We take the elevator down to the garage, buckle into the long-term-rental Volvo wagon, drive ten minutes out to the suburb of Hamm, and march the boys onto the small, tidy campus at the top of a hill. Their lunches have been fretted-over and packed into shiny new hard-plastic boxes that are packed into new nylon lunch-bags that are packed into new backpacks, which also contain the new indoor shoes--high-top heavy-felt slippers--that we bought the previous weekend at Le Bon Marché in Paris. We enter the assigned door at the end of the corridor, find the assigned classrooms; we say hello to the teachers, exchange final hugs and kisses. Then the little boys turn away and launch into their new worlds, barely a glance back at us; I am suddenly overcome by my irrelevance.
Alex's teacher is Mrs. Fyfe, Sam's is Mrs. Foulds; these are pronounced Fife and Folds, like a medieval-music-themed laundromat. Within a week, the boys start saying things like "rubbish bin"; Alex compliments his brother, "Well done, Sam, well done." This is what happens when the American school, here called International School of Luxembourg, has no room for your Ecuadorean-accented-Spanish-speaking New Yorkers: they attend a St.-Somebody's school and quickly become little Englishmen.
I collect the boys at the end of that first day, and they greet each other with relieved smiles--this is really the first time that they've been apart in school, and the first full schoolday they've ever experienced--but initially no talking. After a minute, Alex breaks the silence. "Sam," he says, without looking at his brother, "do you have any friends yet?" Sam glances at Alex, shakes his head, and keeps walking. "I have one," Alex says, nodding in agreement with himself. "But I don't know his name."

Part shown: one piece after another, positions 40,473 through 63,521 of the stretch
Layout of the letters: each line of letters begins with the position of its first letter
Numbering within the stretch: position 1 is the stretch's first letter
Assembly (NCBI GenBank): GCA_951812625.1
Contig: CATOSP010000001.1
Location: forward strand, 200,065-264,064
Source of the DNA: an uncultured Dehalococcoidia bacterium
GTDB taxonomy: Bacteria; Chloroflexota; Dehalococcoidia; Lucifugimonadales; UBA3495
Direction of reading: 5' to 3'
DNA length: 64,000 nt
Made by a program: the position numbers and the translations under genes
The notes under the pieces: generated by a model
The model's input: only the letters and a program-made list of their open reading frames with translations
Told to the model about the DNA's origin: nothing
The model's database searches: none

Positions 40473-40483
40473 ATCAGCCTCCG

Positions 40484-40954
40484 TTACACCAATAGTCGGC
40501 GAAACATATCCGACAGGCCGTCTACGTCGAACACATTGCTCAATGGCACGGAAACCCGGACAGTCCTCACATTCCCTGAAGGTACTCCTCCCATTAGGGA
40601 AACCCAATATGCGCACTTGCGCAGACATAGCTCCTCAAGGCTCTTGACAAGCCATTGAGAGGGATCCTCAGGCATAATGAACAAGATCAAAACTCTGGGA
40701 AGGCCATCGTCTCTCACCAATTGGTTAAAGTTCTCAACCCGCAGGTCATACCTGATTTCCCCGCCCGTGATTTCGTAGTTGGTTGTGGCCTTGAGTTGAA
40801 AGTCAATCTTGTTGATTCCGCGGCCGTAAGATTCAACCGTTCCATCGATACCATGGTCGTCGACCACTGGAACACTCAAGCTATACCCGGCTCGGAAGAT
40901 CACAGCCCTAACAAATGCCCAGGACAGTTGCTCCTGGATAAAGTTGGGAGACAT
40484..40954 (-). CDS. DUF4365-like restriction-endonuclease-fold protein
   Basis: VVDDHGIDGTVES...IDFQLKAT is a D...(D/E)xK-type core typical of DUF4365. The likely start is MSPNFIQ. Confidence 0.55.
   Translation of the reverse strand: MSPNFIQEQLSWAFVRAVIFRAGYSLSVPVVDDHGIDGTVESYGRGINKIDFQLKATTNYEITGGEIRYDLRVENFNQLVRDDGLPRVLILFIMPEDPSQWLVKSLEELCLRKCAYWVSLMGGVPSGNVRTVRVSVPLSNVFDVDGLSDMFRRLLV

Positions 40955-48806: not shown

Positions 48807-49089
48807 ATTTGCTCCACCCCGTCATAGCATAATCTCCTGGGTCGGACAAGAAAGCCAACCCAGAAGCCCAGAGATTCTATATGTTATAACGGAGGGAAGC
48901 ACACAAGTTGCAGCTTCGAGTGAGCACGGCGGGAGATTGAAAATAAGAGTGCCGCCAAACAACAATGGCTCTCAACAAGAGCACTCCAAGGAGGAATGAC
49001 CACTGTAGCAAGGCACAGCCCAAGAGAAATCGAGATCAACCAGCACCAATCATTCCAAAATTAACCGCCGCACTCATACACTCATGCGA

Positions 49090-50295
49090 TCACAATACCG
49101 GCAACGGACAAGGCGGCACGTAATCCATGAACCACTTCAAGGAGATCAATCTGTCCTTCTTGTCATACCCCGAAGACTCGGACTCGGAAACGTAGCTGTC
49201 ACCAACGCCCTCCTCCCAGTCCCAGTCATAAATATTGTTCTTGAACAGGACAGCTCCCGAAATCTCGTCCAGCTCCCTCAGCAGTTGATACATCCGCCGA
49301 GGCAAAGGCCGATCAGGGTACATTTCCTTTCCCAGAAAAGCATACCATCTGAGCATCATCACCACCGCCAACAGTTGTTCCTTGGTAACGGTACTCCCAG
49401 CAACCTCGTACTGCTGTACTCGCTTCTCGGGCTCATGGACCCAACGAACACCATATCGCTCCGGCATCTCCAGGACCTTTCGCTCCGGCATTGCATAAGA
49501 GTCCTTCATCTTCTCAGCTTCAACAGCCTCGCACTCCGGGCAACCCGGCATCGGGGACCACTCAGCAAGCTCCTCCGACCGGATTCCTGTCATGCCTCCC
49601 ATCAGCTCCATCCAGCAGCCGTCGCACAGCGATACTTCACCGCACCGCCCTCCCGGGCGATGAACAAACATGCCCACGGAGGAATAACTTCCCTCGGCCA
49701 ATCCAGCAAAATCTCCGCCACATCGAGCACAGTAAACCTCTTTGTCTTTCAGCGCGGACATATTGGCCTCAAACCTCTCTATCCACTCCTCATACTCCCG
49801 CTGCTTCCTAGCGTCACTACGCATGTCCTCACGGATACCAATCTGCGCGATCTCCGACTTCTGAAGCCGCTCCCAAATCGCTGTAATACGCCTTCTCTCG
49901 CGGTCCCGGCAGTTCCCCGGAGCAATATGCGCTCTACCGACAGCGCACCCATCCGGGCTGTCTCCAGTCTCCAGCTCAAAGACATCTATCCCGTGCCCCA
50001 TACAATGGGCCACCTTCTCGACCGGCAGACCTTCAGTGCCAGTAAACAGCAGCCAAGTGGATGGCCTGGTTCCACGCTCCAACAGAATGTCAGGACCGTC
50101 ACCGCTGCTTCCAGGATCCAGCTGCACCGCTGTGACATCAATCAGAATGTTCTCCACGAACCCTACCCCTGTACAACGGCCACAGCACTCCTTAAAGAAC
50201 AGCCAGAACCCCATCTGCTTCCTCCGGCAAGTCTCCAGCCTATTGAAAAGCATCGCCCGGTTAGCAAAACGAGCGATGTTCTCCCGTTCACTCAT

a recipe: macaroni and cheese
I ask Madeline if she wants anything from the farmer's market. "Yes," she says, "there's a guy who looks like he specializes in Comté." I walk over to the square, where this guy isn't hard to find: his sign says, "Ici on spécialise dans le Comté," and he's standing beside an intimidating round of Alpine-looking cheese that must be 2 feet across and approaching 100 pounds. He also has a few baskets of bread, and a refrigerated case that holds a handful of other, neglected cheeses; but the big Comté is out in the open, on a board, ready for action. "Moyen," he says to me, which is "hello" in Luxembourgeois or "middle" in French.
"Moyen," I answer. "Le Comté?" I keep my Luxembourgeois-French sentences pretty brief and straightforward; and perhaps "sentences" isn't entirely accurate.
He nods, picks up his guillotine--a long, curved blade with handles on either side--and places it on the cheese. "Ça?" He counters my five syllables with one.
And I respond with no syllables--a mere nod and a smile--without really considering the question, until he leans onto his guillotine and slices off a gigantic section of cheese. I assumed his Ça? meant that he was asking me to confirm which cheese I wanted, but now I realize that my assumption was asinine; in actuality he was asking me if I wanted him to cut the thing where he'd placed the blade. And this is how I came to buy 2-plus pounds of Comté.